Y Tu Mama Tambien (2001)

Y Tu Mama Tambien is being hyped as a “teen movie” for the arthouse crowd.

Having seen it, I can say this without any doubt: while it is about teenagers, it is definitely not for teenagers.

This is serious, and dangerous, artmaking — a story of two adolescent boys whose journey of sexual recklessness becomes a metaphor for political corruption in Mexico. The film contains some extremely explicit scenes of their lustful misbehavior. And while I think it goes too far in portraying realistic liaisons, its intensity is well-intended.

Director Alfonso Cuarón wants to tell very ugly truths about Mexico because he clearly loves Mexico. And the target of his anger — the arrogant and selfish upper class — would do well to take notice. Hopefully, young men who come to this film will pay attention as well. In this story of sex-starved teens, naughty boys get their own games turned against them, and they pay the price. And they’re going to start to realize what monsters they’ve become.

The film is a monumental step for Cuarón as a director. He is best known for making one of the finest family films of the last decade — the sorely overlooked A Little Princess. If you see Y Tu Mama Tambien, you won’t believe it’s the same director. This is a movie of harsh realism, more along the lines of Amores Perros than A Little Princess. It has the impact of Pulp Fiction, and might be described as American Pie meets Reservoir Dogs.

Cuarón’s movie introduces us to Tenoch (Diego Luna) and Julio (Gael Garcia Bernal), two foolish adolescents on the verge of manhood. They’re whole-heartedly fulfilling the cultural stereotype of chauvinistic, manipulative, self-centered Mexican men. I don’t mean to offend anyone — it is an unfortunate stereotype, and I know there are many exceptions. But for Cuarón, it is a clear and ugly fact — the men who run the country are hard-hearted, sexist pigs who don’t play by the rules they force upon everyone else.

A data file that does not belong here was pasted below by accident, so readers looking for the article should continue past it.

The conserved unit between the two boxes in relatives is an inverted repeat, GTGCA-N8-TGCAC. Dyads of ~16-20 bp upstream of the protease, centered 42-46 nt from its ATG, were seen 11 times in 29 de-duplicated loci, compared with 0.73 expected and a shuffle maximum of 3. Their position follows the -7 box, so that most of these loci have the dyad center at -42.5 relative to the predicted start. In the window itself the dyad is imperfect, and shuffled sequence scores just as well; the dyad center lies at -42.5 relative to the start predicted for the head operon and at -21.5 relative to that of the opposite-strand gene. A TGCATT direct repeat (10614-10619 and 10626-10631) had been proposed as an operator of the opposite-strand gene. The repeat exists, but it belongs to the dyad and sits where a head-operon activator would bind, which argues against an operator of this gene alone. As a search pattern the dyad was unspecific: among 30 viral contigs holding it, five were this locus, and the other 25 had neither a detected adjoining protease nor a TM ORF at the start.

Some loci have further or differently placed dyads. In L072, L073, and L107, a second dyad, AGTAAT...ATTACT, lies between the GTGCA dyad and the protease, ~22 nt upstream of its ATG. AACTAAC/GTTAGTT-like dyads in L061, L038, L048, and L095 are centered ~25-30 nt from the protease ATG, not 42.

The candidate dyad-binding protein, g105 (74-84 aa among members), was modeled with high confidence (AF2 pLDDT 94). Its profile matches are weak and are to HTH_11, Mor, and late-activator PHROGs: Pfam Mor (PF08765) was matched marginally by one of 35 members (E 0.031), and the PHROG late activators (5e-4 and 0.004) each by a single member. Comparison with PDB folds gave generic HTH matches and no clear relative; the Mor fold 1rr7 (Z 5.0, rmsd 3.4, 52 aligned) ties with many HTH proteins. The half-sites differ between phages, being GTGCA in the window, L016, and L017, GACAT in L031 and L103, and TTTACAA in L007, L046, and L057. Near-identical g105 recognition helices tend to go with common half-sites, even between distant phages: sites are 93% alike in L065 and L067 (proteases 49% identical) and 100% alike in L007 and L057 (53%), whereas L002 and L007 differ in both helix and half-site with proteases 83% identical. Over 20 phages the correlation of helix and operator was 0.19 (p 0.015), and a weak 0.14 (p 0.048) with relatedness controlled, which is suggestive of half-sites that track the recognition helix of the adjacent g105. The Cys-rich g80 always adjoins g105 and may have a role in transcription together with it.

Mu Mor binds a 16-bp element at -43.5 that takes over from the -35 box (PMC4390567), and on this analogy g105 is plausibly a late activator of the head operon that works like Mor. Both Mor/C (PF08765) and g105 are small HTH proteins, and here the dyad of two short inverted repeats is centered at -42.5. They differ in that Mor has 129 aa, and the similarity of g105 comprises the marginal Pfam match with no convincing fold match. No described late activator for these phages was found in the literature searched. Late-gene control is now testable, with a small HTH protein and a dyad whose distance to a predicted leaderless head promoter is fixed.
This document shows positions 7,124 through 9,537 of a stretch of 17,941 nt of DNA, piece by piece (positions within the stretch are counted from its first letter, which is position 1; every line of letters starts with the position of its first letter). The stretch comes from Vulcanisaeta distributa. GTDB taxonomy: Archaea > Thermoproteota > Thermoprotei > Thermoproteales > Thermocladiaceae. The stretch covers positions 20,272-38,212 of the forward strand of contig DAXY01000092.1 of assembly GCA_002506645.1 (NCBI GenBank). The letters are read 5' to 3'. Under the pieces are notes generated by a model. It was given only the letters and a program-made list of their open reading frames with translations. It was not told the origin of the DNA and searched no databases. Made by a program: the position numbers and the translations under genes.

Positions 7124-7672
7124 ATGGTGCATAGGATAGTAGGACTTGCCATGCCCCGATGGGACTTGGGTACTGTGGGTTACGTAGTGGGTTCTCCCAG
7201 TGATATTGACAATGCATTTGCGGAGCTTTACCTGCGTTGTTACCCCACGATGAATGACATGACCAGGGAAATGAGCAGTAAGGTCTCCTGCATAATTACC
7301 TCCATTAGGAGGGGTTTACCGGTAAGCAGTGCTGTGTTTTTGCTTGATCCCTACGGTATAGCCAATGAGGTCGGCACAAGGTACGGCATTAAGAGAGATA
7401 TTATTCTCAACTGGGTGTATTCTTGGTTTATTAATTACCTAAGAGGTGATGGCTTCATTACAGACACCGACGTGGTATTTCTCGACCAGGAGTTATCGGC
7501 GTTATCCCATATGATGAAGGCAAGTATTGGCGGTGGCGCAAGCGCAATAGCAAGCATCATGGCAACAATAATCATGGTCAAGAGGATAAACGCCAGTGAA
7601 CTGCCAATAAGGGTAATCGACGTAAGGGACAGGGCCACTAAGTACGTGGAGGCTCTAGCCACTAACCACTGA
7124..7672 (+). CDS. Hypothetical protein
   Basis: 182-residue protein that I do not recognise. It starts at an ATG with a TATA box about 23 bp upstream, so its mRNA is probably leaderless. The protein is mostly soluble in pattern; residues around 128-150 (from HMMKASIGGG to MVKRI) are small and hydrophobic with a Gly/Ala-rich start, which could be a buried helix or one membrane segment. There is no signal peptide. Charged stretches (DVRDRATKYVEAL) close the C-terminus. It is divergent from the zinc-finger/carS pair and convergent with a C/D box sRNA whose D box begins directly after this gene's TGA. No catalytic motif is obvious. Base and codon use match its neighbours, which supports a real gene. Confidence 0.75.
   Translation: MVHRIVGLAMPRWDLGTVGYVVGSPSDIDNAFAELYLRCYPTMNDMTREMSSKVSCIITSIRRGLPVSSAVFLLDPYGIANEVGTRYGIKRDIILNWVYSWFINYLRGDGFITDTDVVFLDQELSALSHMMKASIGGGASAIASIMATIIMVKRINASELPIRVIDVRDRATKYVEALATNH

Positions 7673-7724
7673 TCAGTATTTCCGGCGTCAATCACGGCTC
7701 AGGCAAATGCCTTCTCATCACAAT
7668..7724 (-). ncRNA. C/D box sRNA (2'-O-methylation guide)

Like their neglectful fathers and the hypocritical politicians, Tenoch and Julio see women as commodities. The movie opens with them thrashing about with their girlfriends in “good-bye sex”, before the girls leave for vacation in Italy. Before it’s over, they demand faithfulness from the girls. But as soon as the girls have departed, the boys are off to achieve new sexual conquests. Now we know what these losers are really capable of.

Tenoch and Julio share an off-the-charts testosterone level — all they do is fantasize about sex and make passes at attractive women, married or otherwise. Like typical teenage boys, they still amuse themselves by waving their flatulence at each other and giggling like school kids at naughty words and double entendres. Their friendship is so intimate that a sunny afternoon is all the excuse they need for masturbating together by the pool. Yes… on camera. I warned you — it is a very explicit film.

No adults are watching them. No parents seem to care about them. They may as well be vigilantes.

One day, they invite Luisa, the attractive 28-year-old wife of a writer, to go with them to the beach for some fooling around. She waves them off at first. But when a tragedy rocks her lonely existence, she calls Tenoch and asks if the invitation is still open. Before long, the boys are drooling over her in the car while they whisk her away to Heaven’s Mouth — a beach they have invented merely as an excuse to take her away.

How could she be so foolish? you might ask.

Luisa is numb with pain. Her character reveals much about the boundaries and possibilities available to women in Mexico. She is privileged to be married to a fairly well-respected and wealthy man. But she is lonely, humiliated, and bored. She is an orphan as well, so she lacks support. And there are harsher secrets locked up in her heart. So Luisa plunges headlong into escapist sexual activity with these young boys to drown her woes and to strike back at the world. The boys are bewildered to find someone with a stronger drive for such indulgence. They cannot conceive of her intentions, or her plans.